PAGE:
- 2 Stop advantage in ISO compared to full resolution files
- 30% faster capture rate compared to full resolution files
- 75% reduction of raw file size (for projects not requiring large files)
- Capture area is not cropped, and lens coverage remains the same as full resolution capture.
- Canon 5D-MK II ISO 800
Phase One P40+ Sensor Plus ISO 800
While most would switch to a 35mm DSLR camera for lower light photography, Sensor Plus provided the ability to keep shooting medium format digital in these situations.
3. 2011 – Phase One IQ Series – Million Dot LCD, Proximity Touchscreen, USB Interface, Ramped Processing
While many for years justifiably stormed about the lack of usable LCD screens on the back of Medium Format Digital Backs, all (or nearly all!) was forgiven in 2011 when Phase One launched the IQ Series digital backs. Featuring a 1.1 million dot Retina-type, proximity-based touchscreen, this was a huge leap in usability from the past. The resolution of the LCD and also the speed with which one could check focus and navigate is even today, un-surpassed. But what was also extremely important was the introduction of a USB 2/3 interface. This has created an important bridge as Apple has moved away from Firewire, and also created additional lightweight host computing options like the MacBook Air and the Surface Pro 2 Tablet. Driving all this was an updated chassis with substantially increased processing capability, which also opened the door for future development, like advanced live view and Wifi, as we’ve seen from the Phase One IQ250.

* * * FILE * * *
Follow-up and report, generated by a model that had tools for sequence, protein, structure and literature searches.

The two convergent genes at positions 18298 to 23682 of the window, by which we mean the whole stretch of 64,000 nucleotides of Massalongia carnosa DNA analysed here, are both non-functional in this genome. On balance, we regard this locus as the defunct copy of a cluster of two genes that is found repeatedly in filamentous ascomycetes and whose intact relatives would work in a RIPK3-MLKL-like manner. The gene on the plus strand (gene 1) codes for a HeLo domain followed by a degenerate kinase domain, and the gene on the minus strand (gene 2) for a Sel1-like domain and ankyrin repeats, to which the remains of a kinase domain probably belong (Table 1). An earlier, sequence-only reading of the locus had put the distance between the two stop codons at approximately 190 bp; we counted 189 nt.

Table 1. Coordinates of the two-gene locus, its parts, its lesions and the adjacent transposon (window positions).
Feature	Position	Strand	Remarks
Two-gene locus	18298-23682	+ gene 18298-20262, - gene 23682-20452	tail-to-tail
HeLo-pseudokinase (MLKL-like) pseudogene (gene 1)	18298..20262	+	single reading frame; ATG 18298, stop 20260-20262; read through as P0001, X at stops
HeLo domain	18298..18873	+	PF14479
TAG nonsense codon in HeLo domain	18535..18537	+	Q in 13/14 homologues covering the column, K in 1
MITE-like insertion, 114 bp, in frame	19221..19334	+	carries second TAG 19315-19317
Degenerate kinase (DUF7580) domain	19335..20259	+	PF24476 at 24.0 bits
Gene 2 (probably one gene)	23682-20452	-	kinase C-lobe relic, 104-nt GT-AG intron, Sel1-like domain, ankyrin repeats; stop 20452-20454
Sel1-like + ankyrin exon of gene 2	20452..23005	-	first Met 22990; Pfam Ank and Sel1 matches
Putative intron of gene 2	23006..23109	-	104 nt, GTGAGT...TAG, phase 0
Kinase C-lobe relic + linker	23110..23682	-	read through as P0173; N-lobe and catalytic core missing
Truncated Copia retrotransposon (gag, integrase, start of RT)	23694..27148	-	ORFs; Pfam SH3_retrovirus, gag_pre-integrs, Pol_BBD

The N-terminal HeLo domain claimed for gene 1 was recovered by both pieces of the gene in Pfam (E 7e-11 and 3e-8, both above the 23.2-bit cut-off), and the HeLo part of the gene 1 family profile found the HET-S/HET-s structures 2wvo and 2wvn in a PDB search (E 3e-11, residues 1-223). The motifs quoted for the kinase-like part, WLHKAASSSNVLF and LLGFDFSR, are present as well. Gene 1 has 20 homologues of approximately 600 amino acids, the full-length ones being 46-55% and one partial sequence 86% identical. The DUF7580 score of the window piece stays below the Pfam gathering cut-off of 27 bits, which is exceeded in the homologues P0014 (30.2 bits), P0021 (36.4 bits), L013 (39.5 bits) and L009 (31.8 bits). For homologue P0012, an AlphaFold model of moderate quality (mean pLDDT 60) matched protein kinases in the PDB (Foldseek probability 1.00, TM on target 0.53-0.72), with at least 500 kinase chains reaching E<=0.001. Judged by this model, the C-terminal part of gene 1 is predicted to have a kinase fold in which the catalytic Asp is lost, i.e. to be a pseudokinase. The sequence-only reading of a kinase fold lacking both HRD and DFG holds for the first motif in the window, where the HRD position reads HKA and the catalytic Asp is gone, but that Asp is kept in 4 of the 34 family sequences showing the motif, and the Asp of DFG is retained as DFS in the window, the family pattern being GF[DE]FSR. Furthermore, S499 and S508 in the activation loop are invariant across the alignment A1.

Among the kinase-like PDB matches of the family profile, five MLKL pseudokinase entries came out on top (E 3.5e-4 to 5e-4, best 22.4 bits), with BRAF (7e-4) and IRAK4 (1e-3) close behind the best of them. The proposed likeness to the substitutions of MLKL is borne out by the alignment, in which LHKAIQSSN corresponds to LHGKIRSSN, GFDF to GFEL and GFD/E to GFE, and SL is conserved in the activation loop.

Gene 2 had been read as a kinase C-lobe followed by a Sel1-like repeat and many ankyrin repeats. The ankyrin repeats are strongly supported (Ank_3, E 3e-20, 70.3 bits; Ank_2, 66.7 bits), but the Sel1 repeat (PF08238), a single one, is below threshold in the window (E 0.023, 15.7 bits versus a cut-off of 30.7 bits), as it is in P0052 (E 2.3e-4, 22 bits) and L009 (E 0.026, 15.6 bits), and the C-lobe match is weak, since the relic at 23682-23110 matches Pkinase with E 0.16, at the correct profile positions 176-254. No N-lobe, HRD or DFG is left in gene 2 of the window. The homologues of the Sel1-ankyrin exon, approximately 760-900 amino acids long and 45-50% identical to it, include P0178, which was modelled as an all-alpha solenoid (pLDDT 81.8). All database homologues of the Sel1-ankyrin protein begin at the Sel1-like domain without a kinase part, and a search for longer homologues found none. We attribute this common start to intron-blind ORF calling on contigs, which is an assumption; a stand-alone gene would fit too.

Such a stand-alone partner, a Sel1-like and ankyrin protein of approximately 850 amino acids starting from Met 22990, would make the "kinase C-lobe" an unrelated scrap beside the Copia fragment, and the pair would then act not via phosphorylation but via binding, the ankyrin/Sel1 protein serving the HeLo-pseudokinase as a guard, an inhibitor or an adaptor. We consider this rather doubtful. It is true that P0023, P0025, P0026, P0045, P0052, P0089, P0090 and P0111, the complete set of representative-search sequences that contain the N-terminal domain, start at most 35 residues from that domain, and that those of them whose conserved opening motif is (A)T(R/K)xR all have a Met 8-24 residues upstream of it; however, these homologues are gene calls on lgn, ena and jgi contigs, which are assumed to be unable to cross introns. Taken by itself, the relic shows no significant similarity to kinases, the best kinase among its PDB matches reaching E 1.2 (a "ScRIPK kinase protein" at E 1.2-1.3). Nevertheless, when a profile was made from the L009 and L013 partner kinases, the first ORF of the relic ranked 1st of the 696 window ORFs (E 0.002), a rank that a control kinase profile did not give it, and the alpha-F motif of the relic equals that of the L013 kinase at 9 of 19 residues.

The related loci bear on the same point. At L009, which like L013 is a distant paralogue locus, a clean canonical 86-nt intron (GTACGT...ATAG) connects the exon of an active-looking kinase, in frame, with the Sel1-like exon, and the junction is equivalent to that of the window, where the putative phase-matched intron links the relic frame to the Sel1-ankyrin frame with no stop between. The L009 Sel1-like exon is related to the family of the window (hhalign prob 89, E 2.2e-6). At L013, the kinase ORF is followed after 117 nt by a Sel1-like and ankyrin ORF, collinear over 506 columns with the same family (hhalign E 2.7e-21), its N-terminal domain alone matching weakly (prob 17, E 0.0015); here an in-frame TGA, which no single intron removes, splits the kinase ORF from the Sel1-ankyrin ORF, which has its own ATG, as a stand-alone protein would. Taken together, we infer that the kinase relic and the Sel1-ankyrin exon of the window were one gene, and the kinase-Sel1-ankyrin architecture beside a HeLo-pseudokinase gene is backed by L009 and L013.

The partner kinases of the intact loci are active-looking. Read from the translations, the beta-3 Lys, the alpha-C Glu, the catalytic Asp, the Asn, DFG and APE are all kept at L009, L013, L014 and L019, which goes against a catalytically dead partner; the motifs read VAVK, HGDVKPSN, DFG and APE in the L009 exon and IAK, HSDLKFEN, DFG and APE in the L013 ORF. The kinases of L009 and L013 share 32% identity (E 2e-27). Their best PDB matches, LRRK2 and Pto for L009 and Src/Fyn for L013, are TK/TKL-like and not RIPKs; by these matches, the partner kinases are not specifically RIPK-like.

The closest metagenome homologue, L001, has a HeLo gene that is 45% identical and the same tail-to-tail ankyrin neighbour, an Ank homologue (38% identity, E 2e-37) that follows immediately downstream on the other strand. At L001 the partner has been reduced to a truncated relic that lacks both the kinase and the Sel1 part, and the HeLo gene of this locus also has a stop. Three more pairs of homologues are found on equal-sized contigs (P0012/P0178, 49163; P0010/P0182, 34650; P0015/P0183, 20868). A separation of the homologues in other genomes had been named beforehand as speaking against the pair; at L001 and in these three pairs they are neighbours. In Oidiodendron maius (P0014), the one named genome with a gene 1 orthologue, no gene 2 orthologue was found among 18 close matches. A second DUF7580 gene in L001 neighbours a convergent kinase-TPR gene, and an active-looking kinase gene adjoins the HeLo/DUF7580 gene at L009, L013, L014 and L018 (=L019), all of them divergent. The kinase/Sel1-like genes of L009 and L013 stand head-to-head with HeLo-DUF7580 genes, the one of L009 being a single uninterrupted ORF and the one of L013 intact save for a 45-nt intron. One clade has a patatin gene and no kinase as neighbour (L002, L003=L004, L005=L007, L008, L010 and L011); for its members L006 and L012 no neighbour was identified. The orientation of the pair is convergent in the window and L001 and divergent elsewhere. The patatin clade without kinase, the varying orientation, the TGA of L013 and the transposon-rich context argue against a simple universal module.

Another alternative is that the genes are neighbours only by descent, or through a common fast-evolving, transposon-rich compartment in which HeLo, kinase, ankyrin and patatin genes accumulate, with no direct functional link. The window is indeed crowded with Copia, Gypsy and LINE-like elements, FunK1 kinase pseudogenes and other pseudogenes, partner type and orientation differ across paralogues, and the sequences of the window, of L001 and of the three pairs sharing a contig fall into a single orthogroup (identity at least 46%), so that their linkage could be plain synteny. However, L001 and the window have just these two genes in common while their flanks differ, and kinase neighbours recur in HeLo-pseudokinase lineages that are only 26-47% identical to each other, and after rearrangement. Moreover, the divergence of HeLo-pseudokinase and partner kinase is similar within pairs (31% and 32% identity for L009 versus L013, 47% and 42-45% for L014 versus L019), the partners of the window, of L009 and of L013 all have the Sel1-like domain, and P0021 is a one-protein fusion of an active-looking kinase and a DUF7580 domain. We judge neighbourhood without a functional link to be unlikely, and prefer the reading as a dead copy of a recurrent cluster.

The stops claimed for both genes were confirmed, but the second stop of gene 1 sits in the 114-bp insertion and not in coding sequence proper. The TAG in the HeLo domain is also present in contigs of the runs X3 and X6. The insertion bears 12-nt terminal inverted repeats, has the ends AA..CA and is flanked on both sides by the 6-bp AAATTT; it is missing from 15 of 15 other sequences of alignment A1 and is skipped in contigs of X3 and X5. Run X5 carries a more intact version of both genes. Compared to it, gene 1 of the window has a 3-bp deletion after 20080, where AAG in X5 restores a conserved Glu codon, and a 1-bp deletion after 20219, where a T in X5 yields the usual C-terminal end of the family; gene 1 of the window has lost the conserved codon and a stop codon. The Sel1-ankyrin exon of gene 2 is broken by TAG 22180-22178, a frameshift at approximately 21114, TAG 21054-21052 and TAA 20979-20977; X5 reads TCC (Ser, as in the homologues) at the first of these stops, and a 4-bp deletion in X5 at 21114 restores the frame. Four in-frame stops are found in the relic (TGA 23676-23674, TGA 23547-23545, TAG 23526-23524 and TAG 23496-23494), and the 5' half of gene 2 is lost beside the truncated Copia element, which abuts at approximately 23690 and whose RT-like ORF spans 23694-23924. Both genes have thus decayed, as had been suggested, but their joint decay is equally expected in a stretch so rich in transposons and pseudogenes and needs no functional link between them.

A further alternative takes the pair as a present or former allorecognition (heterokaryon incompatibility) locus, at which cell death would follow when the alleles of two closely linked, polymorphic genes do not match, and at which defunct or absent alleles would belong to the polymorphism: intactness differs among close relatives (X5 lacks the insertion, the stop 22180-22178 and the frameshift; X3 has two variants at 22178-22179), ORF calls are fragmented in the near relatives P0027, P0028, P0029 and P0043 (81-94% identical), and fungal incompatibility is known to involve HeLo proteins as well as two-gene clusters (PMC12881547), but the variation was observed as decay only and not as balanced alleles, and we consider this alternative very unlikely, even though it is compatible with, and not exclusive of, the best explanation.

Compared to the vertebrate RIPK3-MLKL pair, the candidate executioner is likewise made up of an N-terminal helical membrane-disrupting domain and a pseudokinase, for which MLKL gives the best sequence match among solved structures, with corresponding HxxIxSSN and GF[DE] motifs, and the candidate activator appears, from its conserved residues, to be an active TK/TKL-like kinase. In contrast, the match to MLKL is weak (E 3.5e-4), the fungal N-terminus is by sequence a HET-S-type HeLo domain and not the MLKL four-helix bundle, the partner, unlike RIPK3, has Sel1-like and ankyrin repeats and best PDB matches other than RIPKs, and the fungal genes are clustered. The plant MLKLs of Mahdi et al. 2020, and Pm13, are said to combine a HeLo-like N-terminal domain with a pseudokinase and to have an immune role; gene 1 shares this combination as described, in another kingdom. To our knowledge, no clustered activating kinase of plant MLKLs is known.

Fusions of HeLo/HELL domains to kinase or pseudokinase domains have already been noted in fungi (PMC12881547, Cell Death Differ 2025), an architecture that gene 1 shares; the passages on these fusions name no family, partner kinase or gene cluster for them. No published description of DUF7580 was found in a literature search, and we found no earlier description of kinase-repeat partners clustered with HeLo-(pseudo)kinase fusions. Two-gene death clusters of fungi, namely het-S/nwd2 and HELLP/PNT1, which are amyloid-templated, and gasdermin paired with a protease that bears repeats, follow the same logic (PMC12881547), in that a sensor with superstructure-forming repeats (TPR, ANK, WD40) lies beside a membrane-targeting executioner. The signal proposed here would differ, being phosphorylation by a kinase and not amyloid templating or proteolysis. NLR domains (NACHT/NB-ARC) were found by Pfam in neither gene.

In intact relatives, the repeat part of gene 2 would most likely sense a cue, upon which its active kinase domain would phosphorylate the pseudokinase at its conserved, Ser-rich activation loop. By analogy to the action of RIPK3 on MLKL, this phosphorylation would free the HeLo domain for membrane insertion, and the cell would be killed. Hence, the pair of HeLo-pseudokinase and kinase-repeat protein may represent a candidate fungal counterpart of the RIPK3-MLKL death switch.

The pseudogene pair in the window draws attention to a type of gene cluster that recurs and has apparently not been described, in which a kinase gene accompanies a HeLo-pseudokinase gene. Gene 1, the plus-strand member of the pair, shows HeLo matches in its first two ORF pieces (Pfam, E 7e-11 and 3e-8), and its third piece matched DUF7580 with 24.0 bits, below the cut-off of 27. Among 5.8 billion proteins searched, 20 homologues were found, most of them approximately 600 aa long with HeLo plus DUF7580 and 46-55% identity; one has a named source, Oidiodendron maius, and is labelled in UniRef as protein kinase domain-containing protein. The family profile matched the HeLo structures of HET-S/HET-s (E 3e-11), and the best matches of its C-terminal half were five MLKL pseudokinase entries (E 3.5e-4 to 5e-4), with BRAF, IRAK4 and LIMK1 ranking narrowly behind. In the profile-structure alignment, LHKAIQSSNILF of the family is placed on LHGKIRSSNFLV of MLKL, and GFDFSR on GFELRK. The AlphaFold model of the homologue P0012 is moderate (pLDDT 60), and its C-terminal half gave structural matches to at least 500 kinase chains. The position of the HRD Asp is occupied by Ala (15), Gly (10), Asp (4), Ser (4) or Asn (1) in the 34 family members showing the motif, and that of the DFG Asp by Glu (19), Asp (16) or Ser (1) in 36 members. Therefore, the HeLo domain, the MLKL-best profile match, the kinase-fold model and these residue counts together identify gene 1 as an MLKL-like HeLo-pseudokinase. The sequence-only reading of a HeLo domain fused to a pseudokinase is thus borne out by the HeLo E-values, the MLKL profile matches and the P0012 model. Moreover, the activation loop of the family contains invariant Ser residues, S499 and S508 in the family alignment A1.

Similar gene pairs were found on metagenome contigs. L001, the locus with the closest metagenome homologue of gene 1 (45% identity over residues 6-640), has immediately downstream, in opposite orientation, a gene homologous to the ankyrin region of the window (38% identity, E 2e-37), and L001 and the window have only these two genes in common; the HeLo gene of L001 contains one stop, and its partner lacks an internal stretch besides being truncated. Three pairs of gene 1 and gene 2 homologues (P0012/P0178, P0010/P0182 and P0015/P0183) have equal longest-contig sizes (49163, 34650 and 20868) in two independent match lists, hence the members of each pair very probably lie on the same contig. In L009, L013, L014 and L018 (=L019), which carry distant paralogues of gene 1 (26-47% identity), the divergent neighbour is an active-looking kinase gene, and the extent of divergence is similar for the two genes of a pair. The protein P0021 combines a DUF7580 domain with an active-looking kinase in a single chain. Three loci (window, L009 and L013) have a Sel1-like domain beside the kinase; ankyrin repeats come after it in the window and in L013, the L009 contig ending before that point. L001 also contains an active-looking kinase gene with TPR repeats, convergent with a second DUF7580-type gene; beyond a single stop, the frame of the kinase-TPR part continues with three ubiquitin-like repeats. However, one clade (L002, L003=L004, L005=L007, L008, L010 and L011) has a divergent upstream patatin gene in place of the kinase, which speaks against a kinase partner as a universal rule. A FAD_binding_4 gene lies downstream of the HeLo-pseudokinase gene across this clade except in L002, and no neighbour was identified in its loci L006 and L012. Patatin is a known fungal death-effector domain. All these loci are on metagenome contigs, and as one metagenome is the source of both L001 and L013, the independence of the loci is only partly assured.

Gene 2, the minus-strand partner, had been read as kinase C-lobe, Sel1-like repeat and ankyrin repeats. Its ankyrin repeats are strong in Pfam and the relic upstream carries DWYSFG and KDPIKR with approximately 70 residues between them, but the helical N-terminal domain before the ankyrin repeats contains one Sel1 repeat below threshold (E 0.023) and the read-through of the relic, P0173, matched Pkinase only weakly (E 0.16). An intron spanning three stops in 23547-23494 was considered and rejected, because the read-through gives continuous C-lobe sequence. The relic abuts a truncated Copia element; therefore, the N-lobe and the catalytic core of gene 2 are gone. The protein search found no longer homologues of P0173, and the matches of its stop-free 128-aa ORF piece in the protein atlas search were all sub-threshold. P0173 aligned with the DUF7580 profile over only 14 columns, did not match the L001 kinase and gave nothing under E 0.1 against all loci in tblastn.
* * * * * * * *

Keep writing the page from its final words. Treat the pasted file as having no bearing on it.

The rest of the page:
2. 2013 – Hasselblad H5D-200MS – High Quality Swiss Army Knife Integrated Medium Format DSLR